Nonfiction > Henry Craik, ed. > English Prose > Vol. III. Seventeenth Century
Henry Craik, ed.  English Prose.  1916.
Vol. III. Seventeenth Century
Critical Introduction by G. S. Street
Robert Boyle (1627–1691)
[Robert Boyle was the seventh son of Richard, first Earl of Cork, one of the most active and successful statesmen of his busy day, and of Catherine Fenton his wife, and was born at Lismore Castle in Munster, on the 25th of January 1627. His education at home gave him a mastery of French and Latin, and he was afterwards distinguished for the purity and ease of his conversation in the language of learning. It was at Geneva, where he was resident for a time on leaving Eton, with a greatly valued tutor, that he first experienced, at the age of fourteen, an impulse to religious meditation which never left him. By the death of his father in 1644 he inherited the manor of Stalbridge, in Dorsetshire, and considerable wealth, which was largely increased in after years by the favour of his sovereign, and devoted in abundant measure (witness Bishop Burnet) to the spread of scriptural knowledge, and to the aid of poor students of science. He was elected president of the Royal Society in 1680, but declined the honour. He settled at Oxford in 1654 and removed to London in 1668, where he died on the 30th of December 1691. In these years he was incessantly engaged in chemical and physical investigations and in the writing of his scientific and religious works. They took the form of essays, the complete edition of which was published in five folios by Dr. Birch in 1744. In physics Boyle is of course renowned as the discoverer, or, to speak more accurately, as the adapter to scientific purposes of the air-pump, and in a lesser degree for “Boyle’s Law” of the relation between elasticity and pressure; we may notice also his improvement in the thermometer, and his experiments in electricity. In chemistry his service was chiefly that of a clearer of the ground for others, in ridding it of confused and erroneous antiquities, and in indicating the direction of further efforts; he was a strict practitioner of experiment. He refused the provostship of Eton, which Charles II. offered him in 1665, on the grounds that its holder should be in orders, and that he could assist religion more valuably as a layman. He is said to have refused a peerage offered by Charles II., whose friend he was, as of James and William. Evelyn tells a love story of him which may or may not be true; he never married, and is somewhat severe on the feminine character.]  1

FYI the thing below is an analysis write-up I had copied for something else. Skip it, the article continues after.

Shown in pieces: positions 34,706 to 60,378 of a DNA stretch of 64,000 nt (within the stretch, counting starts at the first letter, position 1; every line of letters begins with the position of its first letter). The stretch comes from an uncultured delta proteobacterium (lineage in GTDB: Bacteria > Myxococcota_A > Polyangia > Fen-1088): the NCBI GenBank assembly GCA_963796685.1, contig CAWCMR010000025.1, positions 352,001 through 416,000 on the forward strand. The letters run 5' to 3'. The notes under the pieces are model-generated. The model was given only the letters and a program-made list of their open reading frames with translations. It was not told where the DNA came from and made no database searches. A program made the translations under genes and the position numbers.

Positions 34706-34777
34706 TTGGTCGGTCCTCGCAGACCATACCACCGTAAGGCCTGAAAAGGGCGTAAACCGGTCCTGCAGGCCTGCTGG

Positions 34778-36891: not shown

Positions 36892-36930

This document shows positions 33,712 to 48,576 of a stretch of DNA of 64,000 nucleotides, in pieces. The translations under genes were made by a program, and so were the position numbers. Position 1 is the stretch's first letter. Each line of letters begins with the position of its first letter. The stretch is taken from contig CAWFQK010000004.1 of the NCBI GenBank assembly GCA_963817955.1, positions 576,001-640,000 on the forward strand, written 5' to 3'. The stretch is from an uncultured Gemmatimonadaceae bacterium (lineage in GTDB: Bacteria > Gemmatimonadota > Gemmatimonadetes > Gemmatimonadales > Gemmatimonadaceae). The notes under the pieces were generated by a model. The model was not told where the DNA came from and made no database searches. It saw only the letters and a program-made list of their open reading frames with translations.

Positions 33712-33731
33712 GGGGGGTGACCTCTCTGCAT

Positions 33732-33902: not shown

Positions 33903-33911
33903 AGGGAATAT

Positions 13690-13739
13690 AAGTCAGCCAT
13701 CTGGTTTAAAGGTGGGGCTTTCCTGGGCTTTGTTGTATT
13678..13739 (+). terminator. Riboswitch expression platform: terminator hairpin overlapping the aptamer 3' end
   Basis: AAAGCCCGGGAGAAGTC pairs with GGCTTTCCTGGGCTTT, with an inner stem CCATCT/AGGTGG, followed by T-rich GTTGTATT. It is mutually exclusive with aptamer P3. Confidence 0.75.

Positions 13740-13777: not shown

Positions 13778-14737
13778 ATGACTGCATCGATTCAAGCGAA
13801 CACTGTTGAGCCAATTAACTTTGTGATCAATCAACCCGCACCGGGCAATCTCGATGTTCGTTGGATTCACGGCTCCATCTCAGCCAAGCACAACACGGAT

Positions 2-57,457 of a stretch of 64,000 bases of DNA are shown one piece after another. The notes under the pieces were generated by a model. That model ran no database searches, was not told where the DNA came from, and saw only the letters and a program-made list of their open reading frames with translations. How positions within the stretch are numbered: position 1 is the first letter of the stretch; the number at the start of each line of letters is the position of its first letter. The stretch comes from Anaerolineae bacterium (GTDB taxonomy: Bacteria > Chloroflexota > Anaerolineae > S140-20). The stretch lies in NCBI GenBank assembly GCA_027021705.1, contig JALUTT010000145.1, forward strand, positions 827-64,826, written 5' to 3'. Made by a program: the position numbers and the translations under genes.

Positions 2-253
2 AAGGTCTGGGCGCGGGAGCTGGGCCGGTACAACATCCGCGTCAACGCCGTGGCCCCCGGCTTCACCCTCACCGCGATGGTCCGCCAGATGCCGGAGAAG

IN estimating the qualities of a writer of prose who was at few pains to be an artist therein, it is a useful preliminary to observe the essential stamp and direction of his intellect. Robert Boyle had the strict temperament of a man of science, as distinguished from that of a general philosopher. He guarded himself carefully from even the knowledge of a priori theory which might lead to prepossessions inimical to the impartial conduct of experiment, save, one must suppose, in so far as hypothesis is absolutely necessary to the first stages. He liked to interrogate nature, following very closely of his own impulse the design of Bacon. But the excellent work in science that resulted was rather due to an untiring persistence than to great gifts of intellect. He had hardly a disinterested love of knowledge; he valued it as it “had a tendency to use.” And the advance he made on his time in clearness of thought concerning things in general is not that of one whose mental endowment was extraordinary. He was immersed in his pursuit of experiment, only leaving it in obedience to the calls which his birth and reputation as a savant made on his society, calls which he regretted and endeavoured to avoid. It is a reasonable supposition that if he had lived in our time he would have given his results to the world in the roughest of rough notes, for others to make books of. But having had the training of a student of the humanities, and living when to be learned meant a more diverse, a less specialised culture than the wider data of learning make possible now, and when printing was a graver undertaking than it seems with us, he gave of necessity some form and literary completeness to his publications. We find in them still the note of impatience of form: he had not time to be brief. There is scarcely a trace in him of the first quality of an artist in prose, rejection. Now and again a well-turned phrase strikes the reader, but, given a certain condition of language, the phrase is found to be that which would have occurred at once to a certain order of intellect. Happily for Boyle the English of his time was comparatively free from the more vulgar sort of stereotyped phrase; had still a full and sonorous tone. But from the greater masters of sonorous English, Boyle was as far removed as from the clear-cut simplicity and directness of Swift. His style is not involved, and is not affected; it is merely rarified and verbose. In his religious writings the same thing is noticeable as in his scientific. Here again he was deeply interested in his subject, a sincerely pious man applying his best powers, or trying so to do, to the subject he deemed of first importance. And here again he is essentially impatient of form; his sincerity gave him an infrequent warmth of phrase, the general and vague nature of his reflections an occasional rotundity, but again the average is jejune. One may often collect very clearly the points of a writer by a comparison with a parodist. Swift was not likely to be a greatly indulgent parodist. But if a reader turn from an hour or two of Boyle’s Occasional Reflexions to the immortal Meditation upon a Broomstick, he will see that Swift, neatly burlesquing the nature of his original’s thoughts, is unable to compass his lack of directness and pungency. When Boyle turned to a lighter theme, he was still verbose, though there is a certain charm and demureness which recall the accounts we have of the kindly and pleasant nature of the man. It is said that he tried to correct his diffuseness, but we may surmise that he tried to mitigate its inconvenience rather than to correct its deficiency of form. In fine, his attainments as a scholar, while they impelled him to attempt a literary form for his thoughts and discoveries, were not strong enough in the balance of his mind to compel the sacrifices necessary to an artistic result.  2